Keep money in check in the Oracle Cloud Infrastructure.

With any cloud environment, it becomes easy to start a new resource whether it is a database or a compute instance. It is like walking to a giant department store with unlimited credit on your card. Too often we find that somebody has fired a new instance and left it forgotten to run over holidays or weekend. Sometimes it is left by purpose to run some tasks but in many cases, it is just forgotten. That ease of consumption of cloud resources can lead to unexpectedly high bills by the end of the month. It would be very much helpful to have some kind of visibility and control of our spendings there. In the Oracle Cloud Infrastructure (OCI), we have some tools and ways how to be notified about the usage of the resources. In this post, I am going to talk about the budget tool and monitoring.
Let’s start from the budget control. In Oracle Cloud Infrastructure you can create a budget for a compartment ¬†and setup notifications to alert you if you are too close to the budget limit or exceeding it. Let me show how it works for me. When I setup a new project whether it is a test or POC in the Oracle Cloud Infrastructure (OCI), I create a new compartment for that. In our case we are going to use the “Gleb” compartment. Let’s assume that we have already resources running there and need to limit our monthly expenses having $75 as the max budget. We need to go to the “Billing->Budgets” under “Governance and Administration” section in our OCI console.
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There we are creating our budget with target max money to allow to spend.
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And we can also setup the notification rule to email as if, for example, the spent money exceeds 85% of our budget.
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After setting the budget it will be automatically updated after a while and if you have crossed the threshold you get the email. Here is an example of such email.
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It definitely helps to be notified if you going over of planned expenses but what if you want to check yourself or your developers and have a reminder if some VMs have been left running on the weekend or were not shut down by the end of the day.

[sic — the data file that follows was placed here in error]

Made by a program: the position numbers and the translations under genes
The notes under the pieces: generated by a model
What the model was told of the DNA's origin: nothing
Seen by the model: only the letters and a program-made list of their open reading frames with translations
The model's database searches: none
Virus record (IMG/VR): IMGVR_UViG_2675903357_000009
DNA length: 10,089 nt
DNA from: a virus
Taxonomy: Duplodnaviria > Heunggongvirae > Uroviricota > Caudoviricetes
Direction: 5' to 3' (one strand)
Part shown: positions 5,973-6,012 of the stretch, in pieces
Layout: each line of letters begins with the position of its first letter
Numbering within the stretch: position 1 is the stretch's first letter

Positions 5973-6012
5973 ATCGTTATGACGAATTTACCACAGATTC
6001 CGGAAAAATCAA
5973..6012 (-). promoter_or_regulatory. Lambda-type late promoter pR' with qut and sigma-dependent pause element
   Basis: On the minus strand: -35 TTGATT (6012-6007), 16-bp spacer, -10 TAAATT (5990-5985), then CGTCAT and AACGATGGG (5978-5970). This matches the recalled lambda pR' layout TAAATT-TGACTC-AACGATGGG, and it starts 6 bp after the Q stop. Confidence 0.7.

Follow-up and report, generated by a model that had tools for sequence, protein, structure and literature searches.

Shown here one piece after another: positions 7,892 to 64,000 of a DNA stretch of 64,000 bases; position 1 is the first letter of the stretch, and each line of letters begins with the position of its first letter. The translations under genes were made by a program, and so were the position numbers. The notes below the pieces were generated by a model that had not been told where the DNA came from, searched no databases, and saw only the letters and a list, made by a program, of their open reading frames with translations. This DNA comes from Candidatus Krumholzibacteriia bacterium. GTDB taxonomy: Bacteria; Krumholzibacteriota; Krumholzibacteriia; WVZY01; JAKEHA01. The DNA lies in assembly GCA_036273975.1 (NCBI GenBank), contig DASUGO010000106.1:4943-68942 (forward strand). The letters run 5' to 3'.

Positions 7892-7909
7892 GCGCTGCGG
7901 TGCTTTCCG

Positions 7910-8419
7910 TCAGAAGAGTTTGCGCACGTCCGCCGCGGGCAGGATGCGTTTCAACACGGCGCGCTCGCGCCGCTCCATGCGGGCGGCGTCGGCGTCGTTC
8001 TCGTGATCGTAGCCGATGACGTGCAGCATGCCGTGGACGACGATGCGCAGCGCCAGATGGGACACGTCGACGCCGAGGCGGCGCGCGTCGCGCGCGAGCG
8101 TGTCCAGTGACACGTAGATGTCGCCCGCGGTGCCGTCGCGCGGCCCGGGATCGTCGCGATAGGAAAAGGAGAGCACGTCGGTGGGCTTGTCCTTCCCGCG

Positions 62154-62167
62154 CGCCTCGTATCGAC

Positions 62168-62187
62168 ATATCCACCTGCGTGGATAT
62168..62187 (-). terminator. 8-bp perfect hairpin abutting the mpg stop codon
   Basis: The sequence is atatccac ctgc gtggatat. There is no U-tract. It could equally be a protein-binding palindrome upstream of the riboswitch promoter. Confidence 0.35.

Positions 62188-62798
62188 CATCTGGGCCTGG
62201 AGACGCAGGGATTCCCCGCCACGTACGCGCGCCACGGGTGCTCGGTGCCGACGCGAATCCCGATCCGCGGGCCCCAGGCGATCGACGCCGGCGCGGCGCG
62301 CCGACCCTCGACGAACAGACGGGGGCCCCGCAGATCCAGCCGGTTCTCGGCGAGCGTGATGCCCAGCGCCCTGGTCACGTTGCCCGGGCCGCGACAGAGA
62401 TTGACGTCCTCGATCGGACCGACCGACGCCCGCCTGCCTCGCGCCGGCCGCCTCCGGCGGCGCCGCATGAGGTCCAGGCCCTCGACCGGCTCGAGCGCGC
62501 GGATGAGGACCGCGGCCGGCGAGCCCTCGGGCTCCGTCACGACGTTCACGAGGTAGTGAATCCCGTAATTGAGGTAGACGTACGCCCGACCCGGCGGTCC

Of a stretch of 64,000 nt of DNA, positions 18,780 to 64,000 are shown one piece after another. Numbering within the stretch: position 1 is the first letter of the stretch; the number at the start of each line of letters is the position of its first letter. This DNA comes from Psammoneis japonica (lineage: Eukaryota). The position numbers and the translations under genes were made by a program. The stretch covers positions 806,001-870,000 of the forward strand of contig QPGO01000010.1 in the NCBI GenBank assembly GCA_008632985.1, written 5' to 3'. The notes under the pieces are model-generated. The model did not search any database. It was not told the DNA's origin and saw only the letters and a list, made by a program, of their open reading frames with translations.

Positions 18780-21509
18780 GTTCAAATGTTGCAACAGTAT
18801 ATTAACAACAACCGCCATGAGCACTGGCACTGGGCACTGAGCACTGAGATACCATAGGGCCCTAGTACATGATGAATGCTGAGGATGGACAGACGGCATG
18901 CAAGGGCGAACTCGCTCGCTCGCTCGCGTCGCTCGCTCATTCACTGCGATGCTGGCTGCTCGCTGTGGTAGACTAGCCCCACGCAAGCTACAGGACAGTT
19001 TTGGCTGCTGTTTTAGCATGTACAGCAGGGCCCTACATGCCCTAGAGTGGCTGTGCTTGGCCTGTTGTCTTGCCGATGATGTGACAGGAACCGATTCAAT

In such case the OCI monitoring can help to get some kind of alert. To enable it for a compute resource we go to the Monitoring page to the “Alarm definitions”
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There we can create an alarm to notify us if CPU activity in the compartment is greater than 0.
After choosing the namespace and the metric
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we setup the trigger rule condition to alert us if the CPU is greater than 0.
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After that we need only define a topic for the notification or create a new one where we define our email or https for “PagerDuty” integration.
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A couple of words in the end. The budget helps to keep the expenses in check and the monitoring may be useful as a reminder to shut down instances you don’t use. You may suppress the alarm to notify you only in certain hours and also repeat the notification. What I didn’t find was how to enable the same monitoring for database service. It was not yet among the namespaces. I tried different ways but didn’t find a fully reliable setup and decided to use VCN monitoring for any traffic. This is the current state in the Toronto region as of early May 2019. By the time you read this post, additional metric namespaces including DBCS metrics, may already exist.

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